But still he had the happiness to say,

For self and the Committee,
By persevering in the present way,
And scrubbing at the Blacks from day to day,

Although he could not promise perfect white,

From certain symptoms that had come to light, He hoped in time to get them gray !

Lulled by this vague assurance,
The friends and patrons of the sable tribe
. Continued to subscribe,
And waited, waited on with much endurance —
Many a frugal sister, thrifty daughter –.
Many a stinted widow, pinching mother —
With income by the tax made somewhat shorter,
Still paid implicitly her crown per quarter,
Only to hear, as every year came round,
That Mr. Treasurer had spent her pound;
And as she loved her sable brother,
That Mr. Treasurer must have another !
But, spite of pounds or guineas,

Instead of giving any hint

Of turning to a neutral tint,
The plaguy Negroes and their piccaninnies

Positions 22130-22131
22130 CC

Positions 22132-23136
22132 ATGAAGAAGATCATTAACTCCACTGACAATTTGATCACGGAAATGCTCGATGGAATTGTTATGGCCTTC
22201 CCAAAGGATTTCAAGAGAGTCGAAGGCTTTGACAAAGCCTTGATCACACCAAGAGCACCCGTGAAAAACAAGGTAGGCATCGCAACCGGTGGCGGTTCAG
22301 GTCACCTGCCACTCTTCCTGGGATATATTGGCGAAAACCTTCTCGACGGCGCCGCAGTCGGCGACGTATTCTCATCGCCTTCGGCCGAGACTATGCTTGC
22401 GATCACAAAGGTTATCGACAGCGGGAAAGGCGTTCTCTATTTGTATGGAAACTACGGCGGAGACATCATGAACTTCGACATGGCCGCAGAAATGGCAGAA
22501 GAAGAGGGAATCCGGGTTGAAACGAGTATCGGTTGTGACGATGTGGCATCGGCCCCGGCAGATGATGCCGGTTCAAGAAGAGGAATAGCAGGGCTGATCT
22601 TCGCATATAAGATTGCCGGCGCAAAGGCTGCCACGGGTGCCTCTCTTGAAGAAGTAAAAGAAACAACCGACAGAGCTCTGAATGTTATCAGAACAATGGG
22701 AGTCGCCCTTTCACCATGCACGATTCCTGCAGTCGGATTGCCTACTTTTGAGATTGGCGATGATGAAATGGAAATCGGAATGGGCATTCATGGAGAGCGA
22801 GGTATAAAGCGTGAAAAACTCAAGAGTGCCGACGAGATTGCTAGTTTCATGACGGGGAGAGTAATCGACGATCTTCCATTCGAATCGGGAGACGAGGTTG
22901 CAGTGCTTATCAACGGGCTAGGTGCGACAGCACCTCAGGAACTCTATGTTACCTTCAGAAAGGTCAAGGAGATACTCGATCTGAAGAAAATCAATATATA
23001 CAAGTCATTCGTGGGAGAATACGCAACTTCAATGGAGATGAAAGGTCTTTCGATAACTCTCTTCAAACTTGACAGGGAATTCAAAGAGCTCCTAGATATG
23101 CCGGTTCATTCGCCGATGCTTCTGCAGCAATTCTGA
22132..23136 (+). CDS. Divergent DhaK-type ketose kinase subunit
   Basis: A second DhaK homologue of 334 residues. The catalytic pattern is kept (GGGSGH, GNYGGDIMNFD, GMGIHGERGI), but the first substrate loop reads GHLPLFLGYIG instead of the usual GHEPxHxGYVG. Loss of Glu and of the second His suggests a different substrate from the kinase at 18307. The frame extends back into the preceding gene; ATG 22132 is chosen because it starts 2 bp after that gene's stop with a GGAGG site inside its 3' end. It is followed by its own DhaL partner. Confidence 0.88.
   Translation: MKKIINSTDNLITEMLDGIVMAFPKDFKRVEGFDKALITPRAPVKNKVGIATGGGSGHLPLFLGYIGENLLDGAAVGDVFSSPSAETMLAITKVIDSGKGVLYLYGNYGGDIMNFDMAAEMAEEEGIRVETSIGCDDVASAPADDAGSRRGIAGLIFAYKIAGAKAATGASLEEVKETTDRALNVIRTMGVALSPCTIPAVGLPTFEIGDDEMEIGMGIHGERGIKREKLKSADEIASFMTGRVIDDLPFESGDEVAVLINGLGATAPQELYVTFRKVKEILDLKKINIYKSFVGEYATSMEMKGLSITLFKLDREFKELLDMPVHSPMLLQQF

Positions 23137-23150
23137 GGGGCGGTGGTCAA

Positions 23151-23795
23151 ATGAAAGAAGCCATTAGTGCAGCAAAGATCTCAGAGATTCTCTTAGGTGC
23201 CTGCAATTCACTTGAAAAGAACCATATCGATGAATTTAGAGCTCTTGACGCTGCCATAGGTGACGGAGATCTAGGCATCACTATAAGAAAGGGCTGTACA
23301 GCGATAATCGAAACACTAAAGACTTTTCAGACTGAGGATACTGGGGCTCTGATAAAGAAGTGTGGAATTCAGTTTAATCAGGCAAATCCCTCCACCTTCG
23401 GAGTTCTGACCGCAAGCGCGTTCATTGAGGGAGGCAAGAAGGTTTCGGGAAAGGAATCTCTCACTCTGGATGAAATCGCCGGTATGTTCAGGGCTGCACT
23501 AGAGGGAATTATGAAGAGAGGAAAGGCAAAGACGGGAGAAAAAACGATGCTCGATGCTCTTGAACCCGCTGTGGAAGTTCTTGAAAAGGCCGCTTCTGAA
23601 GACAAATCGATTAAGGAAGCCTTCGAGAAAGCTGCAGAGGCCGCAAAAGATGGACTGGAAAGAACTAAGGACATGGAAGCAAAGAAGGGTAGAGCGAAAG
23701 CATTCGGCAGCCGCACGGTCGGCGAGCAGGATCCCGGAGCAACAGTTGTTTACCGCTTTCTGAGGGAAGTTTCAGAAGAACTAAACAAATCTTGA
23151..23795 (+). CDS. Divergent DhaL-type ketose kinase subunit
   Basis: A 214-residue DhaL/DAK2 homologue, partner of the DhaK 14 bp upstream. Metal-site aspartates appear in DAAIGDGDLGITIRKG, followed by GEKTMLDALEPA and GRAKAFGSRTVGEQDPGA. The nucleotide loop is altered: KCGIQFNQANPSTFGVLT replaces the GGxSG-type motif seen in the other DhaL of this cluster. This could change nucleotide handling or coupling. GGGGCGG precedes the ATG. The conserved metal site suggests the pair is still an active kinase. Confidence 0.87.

Were still the color of the bird that caws –

Only some very aged souls,
Showing a little gray upon their polls,

Like daws !

However, nothing dashed
By such repeated failures, or abashed,
The Court still met; — the Chairman and Directors,

The Secretary, good at pen and ink,
The worthy Treasurer, who kept the chink,

And all the cash Collectors;
With hundreds of that class, so kindly credulous,

Without whose help no charlatan alive

Or Bubble Company could hope to thrive,
Or busy Chevalier, however sedulous —
Those good and easy innocents, in fact,

Who, willingly receiving chaff for corn.
As pointed out by Butler's tact,

Still find a secret pleasure in the act

Of being plucked and shorn!
However, in long hundreds there they were,
Thronging the hot, and close, and dusty court,
To hear once more addresses from the Chair,

And regular Report.
Alas ! concluding in the usual strain,

That what with everlasting wear and tear,

The scrubbing-brushes had n't got a hair —
The brooms — mere stumps — would never serve again —
The soap was gone, the flannels all in shreds,

The towels worn to threads,
The tubs and pails too shattered to be mended -

And what was added with a deal of pain,

But as accounts correctly would explain,